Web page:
How bad was the high-yield market’s pre-election sell-off?
From Oct. 25 from Nov. 4 the option-adjusted spread (OAS) on the BofA Merrill Lynch US High Yield Index widened by 60 bps, from 460 to 520. That ranks just within the first decile of eight-day widenings since the inception of OAS on Dec. 31, 2016. The 60 bps swing also ranks within the top 10% of all moves, wider or narrower.
Note, however, many eight-day widenings during the Global Financial Crisis were far bigger. In all, there were 22 eight-day widenings of 200 bps or more during 2008’s chaos, topped by a move of 438 bps. The biggest eight-day tightening was negative 336 bps, which occurred in the eight-day span ending Jan. 7, 2009.
By labeling the recent move the “pre-election” sell-off we imply—intentionally so—that the tightening presidential race produced a risk-off response. The most widespread interpretation is that Hillary Clinton, who until recently held a commanding lead in the polls, is considered the more predictable of the two main candidates. The nature of a Donald Trump administration is thought to be more uncertain.
Certainly, one could dispute that explanation. As always, other events occurred that could have been responsible for the high-yield downturn. Most prominently, crude oil prices fell by 12% between Oct. 25 and Nov. 4, as measured by the Generic 1st Crude Oil, West Texas Intermediate contract. Over the past two years, to be sure, major swings in energy prices have triggered outsized moves in the high-yield market’s Energy component.
Those industry-specific jumps have resulted in substantial moves in the high-yield index as a whole. From Oct. 25 to Nov. 4, however, the BofA Merrill Lynch US High Yield Energy Index widened almost exactly in line with the BAML High Yield Index as a whole (62 bps and 60 bps, respectively). Based on the fact that Energy essentially performed no worse than the rest of the high-yield universe, we reject the hypothesis that falling crude prices precipitated the sell-off in the last few days before the election.
There may be more to the story, though, than apprehensiveness over a Trump administration. Another possibility is that the market is attributing some probability to a hung election. In the near term, that outcome would present major uncertainty in its own right.
What if the election ends with no winner?
Prior to early November, as far as I have been able to establish, there was little or no discussion of the possibility of the winner of the presidential election remaining unresolved beyond early tomorrow morning. On Nov. 6, though, Fox News discussed the mathematically possible—if statistically improbable—outcome of an exact tie in the Electoral College, at 269–269.
Barring the deadlock being broken by a faithless elector, the decision would then be thrown to the House of Representatives. Perhaps a more easily imaginable scenario is a replay of the 2000 election, when disputed ballots in one state kept determination of the winner on hold for over a month.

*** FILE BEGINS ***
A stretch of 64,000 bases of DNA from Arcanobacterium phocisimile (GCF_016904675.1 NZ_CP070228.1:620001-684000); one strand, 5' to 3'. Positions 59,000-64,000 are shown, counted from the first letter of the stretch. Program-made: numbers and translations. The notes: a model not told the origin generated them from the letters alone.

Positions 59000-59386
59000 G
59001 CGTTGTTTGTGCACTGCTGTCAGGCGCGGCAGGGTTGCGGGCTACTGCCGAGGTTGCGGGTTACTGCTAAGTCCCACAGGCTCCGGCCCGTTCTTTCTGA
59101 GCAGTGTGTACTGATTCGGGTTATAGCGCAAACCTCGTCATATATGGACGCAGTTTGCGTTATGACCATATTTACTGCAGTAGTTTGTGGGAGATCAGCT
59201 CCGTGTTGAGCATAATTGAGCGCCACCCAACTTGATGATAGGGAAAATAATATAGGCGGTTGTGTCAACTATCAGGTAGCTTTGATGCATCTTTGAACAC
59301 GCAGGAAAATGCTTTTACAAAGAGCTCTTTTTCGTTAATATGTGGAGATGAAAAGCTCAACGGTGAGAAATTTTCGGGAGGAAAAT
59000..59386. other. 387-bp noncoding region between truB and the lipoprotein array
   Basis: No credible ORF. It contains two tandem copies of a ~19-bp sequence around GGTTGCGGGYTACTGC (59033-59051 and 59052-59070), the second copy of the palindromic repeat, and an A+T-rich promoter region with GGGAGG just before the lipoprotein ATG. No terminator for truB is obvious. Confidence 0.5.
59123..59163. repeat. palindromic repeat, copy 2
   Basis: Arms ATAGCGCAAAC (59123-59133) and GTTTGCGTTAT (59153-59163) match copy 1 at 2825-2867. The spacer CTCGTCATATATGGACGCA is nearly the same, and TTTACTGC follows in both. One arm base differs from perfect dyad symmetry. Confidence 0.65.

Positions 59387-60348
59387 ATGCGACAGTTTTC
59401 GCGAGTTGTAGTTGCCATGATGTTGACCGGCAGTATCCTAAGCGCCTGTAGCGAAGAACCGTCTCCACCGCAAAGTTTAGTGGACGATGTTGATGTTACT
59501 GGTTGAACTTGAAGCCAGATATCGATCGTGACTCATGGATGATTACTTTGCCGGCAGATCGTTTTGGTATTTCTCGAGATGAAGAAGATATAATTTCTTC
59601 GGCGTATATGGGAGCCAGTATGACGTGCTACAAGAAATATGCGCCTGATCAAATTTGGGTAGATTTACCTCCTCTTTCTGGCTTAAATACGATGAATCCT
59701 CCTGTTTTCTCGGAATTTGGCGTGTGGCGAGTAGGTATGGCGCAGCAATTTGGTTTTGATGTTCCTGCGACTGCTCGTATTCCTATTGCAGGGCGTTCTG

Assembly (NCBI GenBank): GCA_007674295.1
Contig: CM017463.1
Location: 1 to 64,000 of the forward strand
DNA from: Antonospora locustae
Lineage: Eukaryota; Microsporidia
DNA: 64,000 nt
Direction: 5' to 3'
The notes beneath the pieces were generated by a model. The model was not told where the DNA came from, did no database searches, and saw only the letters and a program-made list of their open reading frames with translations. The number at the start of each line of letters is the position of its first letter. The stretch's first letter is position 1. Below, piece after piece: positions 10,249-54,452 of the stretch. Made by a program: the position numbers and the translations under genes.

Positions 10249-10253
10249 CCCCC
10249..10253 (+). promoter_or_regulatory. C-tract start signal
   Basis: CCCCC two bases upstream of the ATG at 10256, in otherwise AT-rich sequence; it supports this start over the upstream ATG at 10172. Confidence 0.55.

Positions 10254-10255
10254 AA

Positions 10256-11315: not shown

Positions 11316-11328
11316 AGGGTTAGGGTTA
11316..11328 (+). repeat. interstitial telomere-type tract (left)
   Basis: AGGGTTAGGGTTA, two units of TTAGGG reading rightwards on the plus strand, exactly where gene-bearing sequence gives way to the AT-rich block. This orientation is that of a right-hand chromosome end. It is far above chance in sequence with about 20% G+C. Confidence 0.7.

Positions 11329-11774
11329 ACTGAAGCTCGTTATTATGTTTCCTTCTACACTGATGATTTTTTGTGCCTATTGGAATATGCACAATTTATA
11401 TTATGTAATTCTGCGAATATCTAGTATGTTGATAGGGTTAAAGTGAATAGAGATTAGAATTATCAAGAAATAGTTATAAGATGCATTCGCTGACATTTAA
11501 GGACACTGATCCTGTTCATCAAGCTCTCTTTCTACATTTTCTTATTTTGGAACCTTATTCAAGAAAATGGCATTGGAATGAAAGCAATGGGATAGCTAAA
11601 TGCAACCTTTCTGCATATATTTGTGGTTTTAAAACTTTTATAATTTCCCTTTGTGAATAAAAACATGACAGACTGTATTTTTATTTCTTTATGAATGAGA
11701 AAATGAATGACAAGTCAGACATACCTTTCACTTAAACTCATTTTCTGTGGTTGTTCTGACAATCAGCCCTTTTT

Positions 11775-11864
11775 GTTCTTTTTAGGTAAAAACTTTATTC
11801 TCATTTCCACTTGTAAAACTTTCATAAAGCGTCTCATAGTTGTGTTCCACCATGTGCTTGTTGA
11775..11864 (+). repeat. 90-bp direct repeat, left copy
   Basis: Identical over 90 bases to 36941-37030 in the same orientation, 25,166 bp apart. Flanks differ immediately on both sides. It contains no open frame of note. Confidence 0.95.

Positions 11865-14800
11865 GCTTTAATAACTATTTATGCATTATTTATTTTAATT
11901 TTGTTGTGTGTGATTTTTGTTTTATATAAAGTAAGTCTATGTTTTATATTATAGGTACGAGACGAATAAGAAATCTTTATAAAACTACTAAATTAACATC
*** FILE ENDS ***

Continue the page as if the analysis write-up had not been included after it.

Between Election Day, Nov. 7, 2000 and Dec. 12, 2000, when the Supreme Court voted 5-4 to leave intact a Florida vote count that narrowly awarded the state, and consequently the election, to George W. Bush, the BAML High Yield Index’s OAS widened by 119 bps, from 775 to 894. In-between, the spread reached a maximum of 913 bps on Dec. 7.
Was the Nov. 7–Dec. 12 widening, which corresponded to a –2.26% (–21.23% annualized) total return, a hung-election phenomenon that could serve as a guide of what to expect if today’s vote proves inconclusive for the time being? To be sure, the high-yield spread was already on the rise in November 2000. It had ended 1999 at 476 bps, meaning it was up by 299 bps in the year to date on Election Day.
The day before Election Day Bloomberg BusinessWeek reported that the default rate stood at 3.83%, up from 1% in 1997. November 2000 was also noteworthy for precipitous drops in Technology and Telecom equities, with some stocks losing about half their value.
The chart below shows, however, that November’s spread-widening represented a spike, a conspicuous discontinuity in the steady rise in the spread that reached its apogee in late 2002. In November 2000 the BAML index suffered its worst return (–3.84%) since August 1998’s –5.05%, which was a response to Russia’s sovereign default. The November 2000 sell-off was seen as excessive relative to the fundamentals, as evidenced by December reports that Warren Buffett and other value investors were snapping up depressed high-yield bonds.
To summarize, no two market circumstances are exactly identical. Measuring the impact of an event such as a hung election is inevitably complicated by other, concurrent events. Without downplaying these limitations, we submit that the high-yield widening of 119 bps in the period of uncertainty that followed the Nov. 7, 2000 presidential vote represents the best available estimate of the likely impact of a replay this year.
Investors should keep in mind, though, that the Oct. 25–Nov. 4 widening of 60 bps may indicate that the market has discounted half of the impact in advance. (By contrast, the market was probably caught off-guard by 2000’s unusual turn of events, implying that previous spread-widening was strictly a function of high-yield fundamentals.) – Martin Fridson
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Research assistance by Yanzhe Yang and Jiajun Wang.
Marty Fridson, Chief Investment Officer of Lehmann Livian Fridson Advisors LLC, is a contributing analyst to S&P Global Market Intelligence. His weekly leveraged finance commentary appears exclusively on LCD, an offering of S&P Global Market Intelligence. Marty can be reached at [email protected]